When performing analysis on acquired waveforms, multiple processing steps are often required to extract information from the data. As the complexity of waveform analysis increases and the applications become more demanding in the analog, digital, and RF domains, the number of processing steps required to extract measurements from acquired data can increase dramatically. In order to gain more insight into these measurement problems, block diagrams and flow charts are valuable tools to model the processing steps. LeCroy’s Processing Web Editor feature enables a graphical approach to problem solving by allowing users to develop math and measurement processing chains using familiar block diagram/flowchart formats as shown in the example in Figure 1.
The processing web supports using multiple math and measurement operations within a single math trace.
WaveRunner 6Zi series oscilloscope
Displays shown in the tutorial are based on the following initial setup on a WaveRunner 6 Zi scope:
- Connect a coaxial cable from channel 1 to the Aux connector on the front panel.
- Recall the default setup: File pull down > Recall Setup> Recall Default.
- Turn off channel 2.
- Set the input coupling on Channel 1 to be 50 Ohms: Touch or click the channel 1 annotation box>touch or click on the coupling field >select DC 50 Ω.
- Set up the Aux output to be the Fast Edge signal. Utilities pull down > Utilities Setup >Aux Output Tab>touch or click on Fast Edge. The Fast Edge signal is a 5 MHz, 450 mVp-p, square wave.
- Auto Setup the scope: Press Scope Setup then select Auto Setup from the fly-out menu.
- Set the channel 1 signal amplitude using the C1 dialog box. Set the vertical scale to variable gain by checking the Var Gain checkbox. Adjust the vertical scale of channel 1 to maximize the C1 signal amplitude on the display. It should be 90% of full scale.
- This completes the initial setup. The scope display should be similar to Figure 2.
Accessing the Processing Web
Open the Math Setup dialog box (Math>Math Setup). Touch or click the F1 tab on the math setup dialog. This will open the F1 dialog box as shown in Figure 3.
Press the WebEdit button on the left side of the F1 dialog box. Check the Trace On check box.
Press the Show Processing Web button to open the Processing Web Editor as shown in Figure 4.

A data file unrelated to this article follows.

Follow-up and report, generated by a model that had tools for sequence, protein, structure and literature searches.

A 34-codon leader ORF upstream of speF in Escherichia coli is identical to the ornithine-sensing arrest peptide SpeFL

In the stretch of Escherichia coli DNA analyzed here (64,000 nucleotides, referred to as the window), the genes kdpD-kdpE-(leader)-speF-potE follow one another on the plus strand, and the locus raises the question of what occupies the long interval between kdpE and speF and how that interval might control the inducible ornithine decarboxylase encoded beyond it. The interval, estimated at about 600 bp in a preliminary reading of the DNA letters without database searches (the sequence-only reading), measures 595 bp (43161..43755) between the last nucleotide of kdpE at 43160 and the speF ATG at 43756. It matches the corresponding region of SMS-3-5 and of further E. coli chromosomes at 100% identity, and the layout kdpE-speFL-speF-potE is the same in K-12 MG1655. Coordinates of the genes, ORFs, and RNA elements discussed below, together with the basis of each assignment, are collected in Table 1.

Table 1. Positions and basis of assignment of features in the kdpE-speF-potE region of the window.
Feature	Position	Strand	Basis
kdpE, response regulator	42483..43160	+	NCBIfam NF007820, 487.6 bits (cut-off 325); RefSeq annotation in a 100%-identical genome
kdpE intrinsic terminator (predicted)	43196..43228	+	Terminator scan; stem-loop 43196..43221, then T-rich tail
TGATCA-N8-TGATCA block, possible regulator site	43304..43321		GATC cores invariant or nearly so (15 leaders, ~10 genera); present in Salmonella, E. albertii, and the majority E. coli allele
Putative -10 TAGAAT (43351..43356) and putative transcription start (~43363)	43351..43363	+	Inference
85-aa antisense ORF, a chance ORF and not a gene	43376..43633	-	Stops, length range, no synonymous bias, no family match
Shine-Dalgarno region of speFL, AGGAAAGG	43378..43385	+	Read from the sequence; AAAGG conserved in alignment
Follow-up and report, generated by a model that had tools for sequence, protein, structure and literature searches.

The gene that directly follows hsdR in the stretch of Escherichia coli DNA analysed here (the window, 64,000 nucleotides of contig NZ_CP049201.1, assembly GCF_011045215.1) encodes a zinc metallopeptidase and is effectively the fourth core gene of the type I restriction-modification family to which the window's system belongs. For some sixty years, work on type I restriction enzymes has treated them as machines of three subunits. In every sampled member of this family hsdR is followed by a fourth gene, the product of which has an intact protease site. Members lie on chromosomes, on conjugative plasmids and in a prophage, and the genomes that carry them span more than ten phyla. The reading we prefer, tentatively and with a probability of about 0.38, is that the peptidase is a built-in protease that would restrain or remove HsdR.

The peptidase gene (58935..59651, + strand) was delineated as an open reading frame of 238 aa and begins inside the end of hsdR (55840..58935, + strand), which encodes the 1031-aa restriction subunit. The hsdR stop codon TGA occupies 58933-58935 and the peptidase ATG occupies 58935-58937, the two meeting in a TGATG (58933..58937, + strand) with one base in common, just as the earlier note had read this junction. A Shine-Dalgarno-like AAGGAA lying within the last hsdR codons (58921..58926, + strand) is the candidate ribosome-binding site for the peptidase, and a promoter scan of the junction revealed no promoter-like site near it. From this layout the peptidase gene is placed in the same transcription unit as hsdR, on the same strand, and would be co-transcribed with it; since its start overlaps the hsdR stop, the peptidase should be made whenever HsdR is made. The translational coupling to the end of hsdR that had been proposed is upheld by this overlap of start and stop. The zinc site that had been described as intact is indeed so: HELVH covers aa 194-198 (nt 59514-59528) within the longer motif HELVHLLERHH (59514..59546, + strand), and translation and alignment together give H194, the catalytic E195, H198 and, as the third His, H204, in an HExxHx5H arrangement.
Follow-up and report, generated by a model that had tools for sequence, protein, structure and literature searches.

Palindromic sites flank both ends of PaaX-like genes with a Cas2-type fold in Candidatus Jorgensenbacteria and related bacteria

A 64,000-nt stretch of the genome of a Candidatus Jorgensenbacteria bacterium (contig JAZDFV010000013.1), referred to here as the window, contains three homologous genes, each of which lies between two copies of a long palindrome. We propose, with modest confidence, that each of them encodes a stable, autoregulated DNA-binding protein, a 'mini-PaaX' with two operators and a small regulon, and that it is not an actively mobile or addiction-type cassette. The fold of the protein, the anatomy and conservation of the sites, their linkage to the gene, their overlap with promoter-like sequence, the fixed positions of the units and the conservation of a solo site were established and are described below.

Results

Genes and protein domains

The Processing Web Editor uses a graphic interface to allow a user to create complex math and measurement parameter functions that use multiple single operations combined in various ways. The Web Editor dialog has buttons that will add math, measurements, or parameter math functions as shown in the left side in Figure 4. There is also a button which adds Previews, these are viewing windows that show the waveform or measured value at the output of any operation.
The Math tab allows the user to set the function of any other the math traces to single operator, dual operator, histogram, or web edit. Note that we have already set F1 to be the output from the processing web. This is indicated by the F1 terminal being on the right had side of the Web Editor in Figure 4. Open and look at the Math Tab.
The Measure tab similarly allows the user to set the function of any of the measurement parameters to be a simple measurement, parameter math, or the web edit. Open and look at the Measure tab.
A Processing Web Calculation Example
LeCroy oscilloscopes include a digital low pass filter math function called Enhanced Resolution (ERES). ERES applies a finite impulse response (FIR) digital low pass filter with the bandwidth of the filter set by a user selection of the number of bits of enhancement in a range of 0.5 to 3 bits in 0.5 bit steps. In our example we will use the ERES filter and some simple math to create a high pass filter in the F1 math trace.
From the Web Editor tab press the add math button. The math operator scroll list should appear. Scroll to the ERES entry and touch or click on it to open the ERES math function in the Web Editor as shown in Figure 5.
Touch or click the ERES math icon in the Web Editor. It will be highlighted and the right hand tab of the Web Editor dialog box will show the controls for the ERES math function as shown in Figure 5.